To avoid disputes and ensure everyone knows what their role and responsibilities are, you will need suitable written agreements in place with all of your co-founders, employees, and contractors to ensure that the startup – not the individual creator – owns all intellectual property created in connection with services performed for the startup. In addition, you should have a standard non-disclosure agreement for third parties to sign that prohibits them from disclosing and/or using your confidential information.
This is an area that is littered with potential legal pitfalls but might not be a concern if you are bootstrapping your business. However, if you are like many startups in Hong Kong and Australia, you will be looking to tap into the burgeoning local and international angel investor scene, and so caution is warranted.
Hong Kong’s longstanding legal restrictions on raising capital from members of the public complicate the process of approaching potential investors, but it is possible to raise the capital you need without breaking the law whether you are intending to issue convertible bonds or shares. In both Hong Kong and Australia you can raise money on a private placement basis or from professional investors.
You should always speak to an experienced startup lawyer before undertaking any fundraising activities, even if you are just raising money from family and friends. Aside from ensuring that your fundraising complies with the law, getting advice before striking a deal can avoid unrealistic expectations on the part of investors and unwittingly tying a below-market valuation to the business.
Employees and contractors
You are probably already aware that employees and contractors are treated differently under the law, with employees given greater protection.
Before hiring employees or engaging contractors to perform services for your company (such as app development), speak to a startup lawyer about what each employee or contractor will be doing, who is responsible for what, how they will be remunerated and, most importantly, who will own any intellectual property they might create in the process. To protect your business, contracts governing these relationships should contain non-competes, non-disclosure and work for hire provisions.
In addition, startups usually incentivize early-stage and key employees with some form of equity participation such as share options. When structuring these arrangements, it is useful to have a lawyer’s input on what strikes the right balance between the company’s interests and making sure the terms are both fair and likely to incentivize these key people.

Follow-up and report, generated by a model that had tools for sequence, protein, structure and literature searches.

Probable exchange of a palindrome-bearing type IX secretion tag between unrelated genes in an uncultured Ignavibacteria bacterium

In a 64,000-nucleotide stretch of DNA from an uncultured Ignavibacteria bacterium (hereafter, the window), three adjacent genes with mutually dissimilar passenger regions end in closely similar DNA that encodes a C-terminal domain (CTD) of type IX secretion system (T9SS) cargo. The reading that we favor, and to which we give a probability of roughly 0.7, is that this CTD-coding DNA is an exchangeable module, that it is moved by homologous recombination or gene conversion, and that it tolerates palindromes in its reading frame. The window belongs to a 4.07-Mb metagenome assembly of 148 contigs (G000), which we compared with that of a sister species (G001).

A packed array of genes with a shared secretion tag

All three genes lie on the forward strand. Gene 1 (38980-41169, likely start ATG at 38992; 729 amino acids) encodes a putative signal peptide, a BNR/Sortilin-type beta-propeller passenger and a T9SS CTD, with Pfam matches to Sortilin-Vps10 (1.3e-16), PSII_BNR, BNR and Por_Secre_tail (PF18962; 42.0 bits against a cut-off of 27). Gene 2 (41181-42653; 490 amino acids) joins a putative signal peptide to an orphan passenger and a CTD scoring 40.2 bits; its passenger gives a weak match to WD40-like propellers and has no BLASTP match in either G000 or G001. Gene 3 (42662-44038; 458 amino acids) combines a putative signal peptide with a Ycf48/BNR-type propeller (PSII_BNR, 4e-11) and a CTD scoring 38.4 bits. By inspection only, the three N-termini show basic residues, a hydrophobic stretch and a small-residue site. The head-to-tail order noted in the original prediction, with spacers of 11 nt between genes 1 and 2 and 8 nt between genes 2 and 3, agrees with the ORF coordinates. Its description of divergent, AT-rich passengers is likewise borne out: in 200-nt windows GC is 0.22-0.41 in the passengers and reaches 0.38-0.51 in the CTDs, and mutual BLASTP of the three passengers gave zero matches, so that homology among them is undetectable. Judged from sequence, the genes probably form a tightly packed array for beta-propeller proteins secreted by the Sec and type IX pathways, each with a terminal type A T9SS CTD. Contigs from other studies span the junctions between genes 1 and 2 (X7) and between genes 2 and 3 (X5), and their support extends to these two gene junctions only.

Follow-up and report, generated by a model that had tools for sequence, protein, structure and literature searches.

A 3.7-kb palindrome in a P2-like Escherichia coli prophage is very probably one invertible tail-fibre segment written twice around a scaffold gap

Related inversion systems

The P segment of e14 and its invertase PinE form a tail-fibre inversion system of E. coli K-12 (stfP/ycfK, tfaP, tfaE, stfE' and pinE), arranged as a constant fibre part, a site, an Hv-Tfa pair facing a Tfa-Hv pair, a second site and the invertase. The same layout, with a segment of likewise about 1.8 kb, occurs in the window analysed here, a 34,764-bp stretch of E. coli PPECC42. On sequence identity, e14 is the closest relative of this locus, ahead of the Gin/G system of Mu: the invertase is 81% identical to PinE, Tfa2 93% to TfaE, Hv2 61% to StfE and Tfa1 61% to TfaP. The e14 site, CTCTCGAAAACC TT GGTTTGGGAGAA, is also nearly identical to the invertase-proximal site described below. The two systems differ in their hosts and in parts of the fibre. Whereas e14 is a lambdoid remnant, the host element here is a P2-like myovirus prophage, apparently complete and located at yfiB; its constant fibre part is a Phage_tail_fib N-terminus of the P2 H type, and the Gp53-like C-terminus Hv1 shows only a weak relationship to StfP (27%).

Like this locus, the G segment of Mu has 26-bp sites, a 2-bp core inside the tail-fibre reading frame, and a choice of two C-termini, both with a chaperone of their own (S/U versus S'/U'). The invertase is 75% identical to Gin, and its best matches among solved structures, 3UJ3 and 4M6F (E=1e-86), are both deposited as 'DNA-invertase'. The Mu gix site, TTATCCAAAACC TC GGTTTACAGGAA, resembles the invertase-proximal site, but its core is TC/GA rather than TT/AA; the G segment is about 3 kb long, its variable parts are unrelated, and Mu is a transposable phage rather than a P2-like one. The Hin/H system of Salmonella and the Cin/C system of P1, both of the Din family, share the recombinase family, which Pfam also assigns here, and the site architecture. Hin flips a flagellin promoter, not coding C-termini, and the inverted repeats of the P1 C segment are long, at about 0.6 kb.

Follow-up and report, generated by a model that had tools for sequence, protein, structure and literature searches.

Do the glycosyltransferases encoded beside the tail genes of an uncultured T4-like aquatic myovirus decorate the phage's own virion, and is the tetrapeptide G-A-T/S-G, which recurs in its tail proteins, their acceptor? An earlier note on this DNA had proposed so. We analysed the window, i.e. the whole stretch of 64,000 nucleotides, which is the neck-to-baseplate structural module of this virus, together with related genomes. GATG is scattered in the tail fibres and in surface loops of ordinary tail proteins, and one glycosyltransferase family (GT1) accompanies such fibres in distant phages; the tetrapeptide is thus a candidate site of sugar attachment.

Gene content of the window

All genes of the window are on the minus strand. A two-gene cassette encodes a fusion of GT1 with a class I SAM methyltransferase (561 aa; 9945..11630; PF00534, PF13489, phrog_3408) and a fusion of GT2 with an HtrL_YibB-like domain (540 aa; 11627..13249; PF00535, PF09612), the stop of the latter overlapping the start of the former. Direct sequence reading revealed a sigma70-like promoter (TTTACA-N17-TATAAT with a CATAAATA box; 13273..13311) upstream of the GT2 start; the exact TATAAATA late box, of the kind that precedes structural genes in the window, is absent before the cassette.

Wherever possible you should use written contracts when dealing with third parties. Oral agreements may be enforceable, but proving what was agreed upon can be complicated (read: expensive).
If limited time or resources prevent you from preparing standard written contracts, you should send out a binding letter of intent or, at the very least, a follow-up email to everyone concerned to document the key terms of your agreement. That way, if a dispute arises, you will have some evidence of what was agreed.
Who’s got your back?
Every entrepreneur needs an experienced lawyer that he/she can turn to from time to time. We will be able to identify and help you brainstorm a way through all of the significant legal risks you encounter and press you to negotiate reasonable protections in every deal you do. If you don’t have much deal-making experience, we've got your back in negotiations to help you get the best deal possible.
The above list only sets out the basics of what you should know when launching a startup. Failure to obtain sound legal advice on the key issues at the outset could lead you down the wrong track and be expensive to get right. Our team is here to ensure you stay on course with the right tools to move forward. We value and build long term relationships.
This alert is for information only and is not legal advice.